Even quite young children have some understanding of the words when they first begin to memorize them. After they have the words well fixed in their minds by repeated practice, more and more meaning comes to them.

Video – Mom leads two young children in opening of daily devotions – “Hey, I can do that!”

For many of us, video is such a good way to learn not only how to do things, but more basically, that we can do it.

The thought of fixing our home’s propane furnace intimidated me. But we have YouTube. Seeing it done did two things for me:

1.   It got me over the psychological hump of being fearful I could not do it.

2.   It let me understand some of the terminology and procedures described in written instructions.

These benefits, and more, also happen when we see video of things like Morning Prayer in the home. That is why it is such a blessing that member of our Facebook group, Melissa Sutton, has given us this video of leading her two young children in daily opening devotions.

In this video, you will see a nice, simple order for opening devotions in the home . You will see Melissa and her children incorporate some American Sign Language signs, and some signs the kids made up. Isn’t that neat? The kids make up their own signs!

If you haven’t tried leading devotions with your children, see if, after you watch this video, one of your reactions isn’t, “Hey, I can do that!

Of course, we don’t all have to do it the same way. Melissa shows us a good way. There are others. When our grandchildren visit and stay over, we use the format that Dr. Martin Luther provided in the Small Catechism for Evening Prayer and Morning Prayer. It is very simple, toadaly doable.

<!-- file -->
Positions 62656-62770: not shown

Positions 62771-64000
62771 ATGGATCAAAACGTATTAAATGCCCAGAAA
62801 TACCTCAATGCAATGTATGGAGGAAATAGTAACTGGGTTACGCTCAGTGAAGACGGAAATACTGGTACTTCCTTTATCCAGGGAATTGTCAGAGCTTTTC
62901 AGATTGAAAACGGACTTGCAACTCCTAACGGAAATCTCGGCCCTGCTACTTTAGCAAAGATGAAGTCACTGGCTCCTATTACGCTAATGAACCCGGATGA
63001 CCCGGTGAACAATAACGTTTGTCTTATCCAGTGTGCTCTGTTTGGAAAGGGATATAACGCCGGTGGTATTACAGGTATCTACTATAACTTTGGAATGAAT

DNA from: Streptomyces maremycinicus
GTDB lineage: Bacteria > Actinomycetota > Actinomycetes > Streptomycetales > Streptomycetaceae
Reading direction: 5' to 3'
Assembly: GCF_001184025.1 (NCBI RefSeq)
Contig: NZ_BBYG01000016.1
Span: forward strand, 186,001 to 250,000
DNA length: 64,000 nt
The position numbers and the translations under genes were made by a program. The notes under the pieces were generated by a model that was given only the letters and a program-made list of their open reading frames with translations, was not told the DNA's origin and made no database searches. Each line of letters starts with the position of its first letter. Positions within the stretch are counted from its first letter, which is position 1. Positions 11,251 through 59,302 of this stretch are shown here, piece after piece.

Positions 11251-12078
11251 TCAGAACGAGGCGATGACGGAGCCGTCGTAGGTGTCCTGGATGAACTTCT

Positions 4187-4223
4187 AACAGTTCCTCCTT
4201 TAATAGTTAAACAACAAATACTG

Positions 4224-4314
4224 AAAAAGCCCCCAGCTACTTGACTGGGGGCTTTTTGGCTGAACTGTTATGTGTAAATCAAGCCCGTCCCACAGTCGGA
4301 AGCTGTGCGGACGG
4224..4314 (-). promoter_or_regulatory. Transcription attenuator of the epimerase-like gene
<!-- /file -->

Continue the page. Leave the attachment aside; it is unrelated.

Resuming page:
In coming days, we also will get the chance to see Melissa with her children in the closing of devotions and in memory work.

 

The Catechism Is a Small Book — Only a Little Time Is Needed to Teach It

“We have spoken of the importance and benefits of home training and instruction. We endeavored to show that Christian parents are under the most solemn obligation to instruct their children in the truth of God’s Word. We also endeavored to show that, in order to give their children a clear understanding of the saving truths of the Bible, they could do no better than to diligently teach them Luther’s Small Catechism; that this was really Luther’s idea and purpose when he wrote that excellent little religious manual; that the first catechetical class ought indeed to be in the family, with father and mother as teachers; that this home class ought to be carried on so long and so persistently, that in it the children would become perfectly familiar with the contents of the book; so familiar indeed, that they would know all the parts that Luther wrote perfectly by heart. Luther’s Small Catechism, i.e., the parts that Luther wrote himself, is really quite a small book. By giving only a little time and attention to it each week, the parents could easily, in a few years, have all their children know it as perfectly as they know their multiplication table, And such ought to be the case.”

G. H. Gerberding, The Way of Salvation in the Lutheran Church, pp. 69-70 (Philadelphia: Lutheran Publication Society, 1887).